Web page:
This is actually a challenge in two parts and requires the participation of at least two people. a) If you consider yourself an expert on a particular genre, consider how you can teach a neophyte to like that genre by finding which books you would recommend they start with so they will get a positive image of the genre. For example, if you want to turn a mystery fan into a romance reader, choose the very best romance you know which has a strong mystery element, and a couple more books that will move gradually away from mystery and into purer romance. b) Get some of your friends to do the same, then find someone among them to exchange these reading suggestions with – someone who prefers a different genre or sub-genre than you. The same can be done with authors. See, for example, my suggestions for starter books in the Discworld series .

Second hand bookshops

I love second-hand bookshops and (by extension) second-hand books. The number of second-hand bookshops in Reykjaví­k has dropped severely since I was a teenager. Most of the shops I remember from my forays into the city in those years were situated on the fringes of the city centre, away from the main shopping streets, sometimes skulking inside residential areas. The windows were usually dirty enough to allow only a dim view of the inside, and once you opened the door, the shops were tiny and stuffed with books from floor to ceiling, with hoards of more books in boxes, piles and stacks on creaky wooden floors. They all seemed to be run by old men who sat in ancient office chairs (that leaked stuffing) and looked benignly on as you rifled through the collections of dusty books. If you were lucky, you could find treasures for next to nothing, books that don't seem to be available anywhere anymore. This was before the flea market opened. The only good thing about buying books at the f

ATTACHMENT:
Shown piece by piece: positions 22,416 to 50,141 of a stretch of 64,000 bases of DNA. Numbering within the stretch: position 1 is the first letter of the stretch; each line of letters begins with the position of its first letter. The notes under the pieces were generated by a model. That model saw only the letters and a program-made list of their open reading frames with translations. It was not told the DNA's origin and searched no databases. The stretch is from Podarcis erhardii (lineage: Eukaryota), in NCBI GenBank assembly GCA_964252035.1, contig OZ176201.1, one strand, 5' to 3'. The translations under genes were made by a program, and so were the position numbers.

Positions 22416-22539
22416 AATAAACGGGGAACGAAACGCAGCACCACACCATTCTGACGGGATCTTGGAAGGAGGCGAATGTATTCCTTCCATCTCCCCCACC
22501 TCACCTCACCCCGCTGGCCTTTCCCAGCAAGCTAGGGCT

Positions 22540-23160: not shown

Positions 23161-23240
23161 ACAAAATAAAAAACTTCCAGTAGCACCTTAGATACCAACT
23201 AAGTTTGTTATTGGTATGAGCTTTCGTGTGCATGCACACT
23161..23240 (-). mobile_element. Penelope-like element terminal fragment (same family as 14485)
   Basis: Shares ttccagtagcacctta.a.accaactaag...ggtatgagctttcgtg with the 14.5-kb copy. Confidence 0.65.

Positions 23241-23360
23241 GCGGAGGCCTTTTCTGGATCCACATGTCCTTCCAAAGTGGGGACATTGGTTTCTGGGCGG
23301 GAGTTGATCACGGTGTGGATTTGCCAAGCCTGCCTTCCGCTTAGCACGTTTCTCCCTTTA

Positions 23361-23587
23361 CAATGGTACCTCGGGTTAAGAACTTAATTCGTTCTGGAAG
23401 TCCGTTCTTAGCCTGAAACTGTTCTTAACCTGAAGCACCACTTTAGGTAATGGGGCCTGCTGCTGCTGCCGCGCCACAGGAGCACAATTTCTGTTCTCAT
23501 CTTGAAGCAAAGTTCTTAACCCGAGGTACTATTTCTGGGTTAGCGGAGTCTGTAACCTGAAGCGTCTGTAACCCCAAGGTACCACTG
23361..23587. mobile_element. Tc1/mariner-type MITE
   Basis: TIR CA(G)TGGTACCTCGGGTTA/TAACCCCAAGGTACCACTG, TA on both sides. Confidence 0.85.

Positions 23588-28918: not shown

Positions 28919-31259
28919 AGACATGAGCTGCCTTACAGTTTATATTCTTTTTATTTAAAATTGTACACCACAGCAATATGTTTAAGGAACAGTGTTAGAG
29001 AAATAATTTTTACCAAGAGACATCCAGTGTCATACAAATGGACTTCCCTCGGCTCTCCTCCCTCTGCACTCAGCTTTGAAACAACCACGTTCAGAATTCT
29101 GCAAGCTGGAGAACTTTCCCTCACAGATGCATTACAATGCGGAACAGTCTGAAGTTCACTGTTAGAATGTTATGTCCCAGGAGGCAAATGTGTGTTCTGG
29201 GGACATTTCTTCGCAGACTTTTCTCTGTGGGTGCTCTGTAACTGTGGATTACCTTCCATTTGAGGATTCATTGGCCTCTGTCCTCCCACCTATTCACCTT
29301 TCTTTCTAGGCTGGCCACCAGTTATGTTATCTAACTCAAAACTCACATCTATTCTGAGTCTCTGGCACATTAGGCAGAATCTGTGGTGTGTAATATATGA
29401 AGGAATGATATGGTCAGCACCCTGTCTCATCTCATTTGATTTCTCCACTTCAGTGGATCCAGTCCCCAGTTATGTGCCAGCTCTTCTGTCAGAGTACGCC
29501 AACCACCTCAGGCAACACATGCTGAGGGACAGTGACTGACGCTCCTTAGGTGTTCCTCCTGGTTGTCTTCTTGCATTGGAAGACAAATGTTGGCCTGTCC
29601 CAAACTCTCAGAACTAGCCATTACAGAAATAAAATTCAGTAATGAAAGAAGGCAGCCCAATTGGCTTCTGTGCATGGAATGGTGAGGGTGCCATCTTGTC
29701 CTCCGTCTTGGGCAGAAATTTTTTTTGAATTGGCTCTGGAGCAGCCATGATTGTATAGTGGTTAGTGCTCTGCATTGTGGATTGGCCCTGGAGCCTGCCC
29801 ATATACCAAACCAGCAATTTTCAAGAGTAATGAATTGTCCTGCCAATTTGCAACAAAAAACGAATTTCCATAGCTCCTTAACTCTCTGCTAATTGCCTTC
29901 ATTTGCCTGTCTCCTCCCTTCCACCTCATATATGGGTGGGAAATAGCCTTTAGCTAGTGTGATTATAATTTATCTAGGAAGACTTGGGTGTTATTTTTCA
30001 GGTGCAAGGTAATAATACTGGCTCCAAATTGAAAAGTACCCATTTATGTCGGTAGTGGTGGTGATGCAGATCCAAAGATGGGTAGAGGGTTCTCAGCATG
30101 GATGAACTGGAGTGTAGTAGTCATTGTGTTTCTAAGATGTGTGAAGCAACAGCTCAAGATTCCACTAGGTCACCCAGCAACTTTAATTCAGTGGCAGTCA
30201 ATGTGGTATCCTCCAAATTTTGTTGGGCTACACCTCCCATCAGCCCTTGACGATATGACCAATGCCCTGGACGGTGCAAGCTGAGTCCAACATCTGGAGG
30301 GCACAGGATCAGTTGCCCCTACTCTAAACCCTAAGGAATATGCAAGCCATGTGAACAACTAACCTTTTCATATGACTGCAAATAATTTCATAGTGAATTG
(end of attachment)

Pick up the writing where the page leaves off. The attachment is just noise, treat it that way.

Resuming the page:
Reading report for July 2009

I read fewer books in July than in the preceding months, which is actually a good thing because the time taken from my reading schedule was used for some freelance translation work that will eventually enable me to buy a bigger apartment with a special room to house my book collection ;-) I finished 8 challenge books: 3 top mysteries, 2 TBR, and 3 Icelandic (still on course, as I read 5 last month). There were also 2 rereads and 3 first-time non-challenge reads. Two of the first-time reads were, in a roundabout way, parts of the top mysteries challenge: I am trying to read the Brother Cadfael series in order of publication, and one of the books is in the Top Mysteries challenge, so I am reading my way towards it. The books: Caroline Alexander: The Way To Xanadu (travelogue) Linda Barnes: Bitter Finish (murder mystery) Vera Caspary: Laura (murder mystery) Jennifer Crusie: Anyone But You (romance) Stella Gibbons: Cold Comfort Farm (novel) Magnús Rafnsson: Angurgapi (Angurgapi

Top mysteries challenge review: Strong Poison by Dorothy L. Sayers

This is the first volume in the four book story arc within the Lord Peter Wimsey series that describes his developing relationship with Harriet Vane, from first meeting to honeymoon. Two of the books are on the top mysteries list, but I will be reading them in order of publication to get the story as it should be read. Year of publication: 1930 Series and no.: Lord Peter Wimsey, no. 6 Genre: Mystery Type of mystery: Murder Type of investigator: Semi-pro Setting & time: (mostly) London, England, 1930 Story: Mystery author Harriet Vane stands accused of murder, but Lord Peter, who has fallen in love with her at first sight, does not believe she is guilty. When a hung jury results in a mistrial (meaning the case will have to be tried again), he sees a chance to investigate the case more thoroughly, and does so, revealing a fiendishly clever and well-planned murder plot. Review: SPOILERS One of the drawbacks of doing research before you read a book is that it can take away some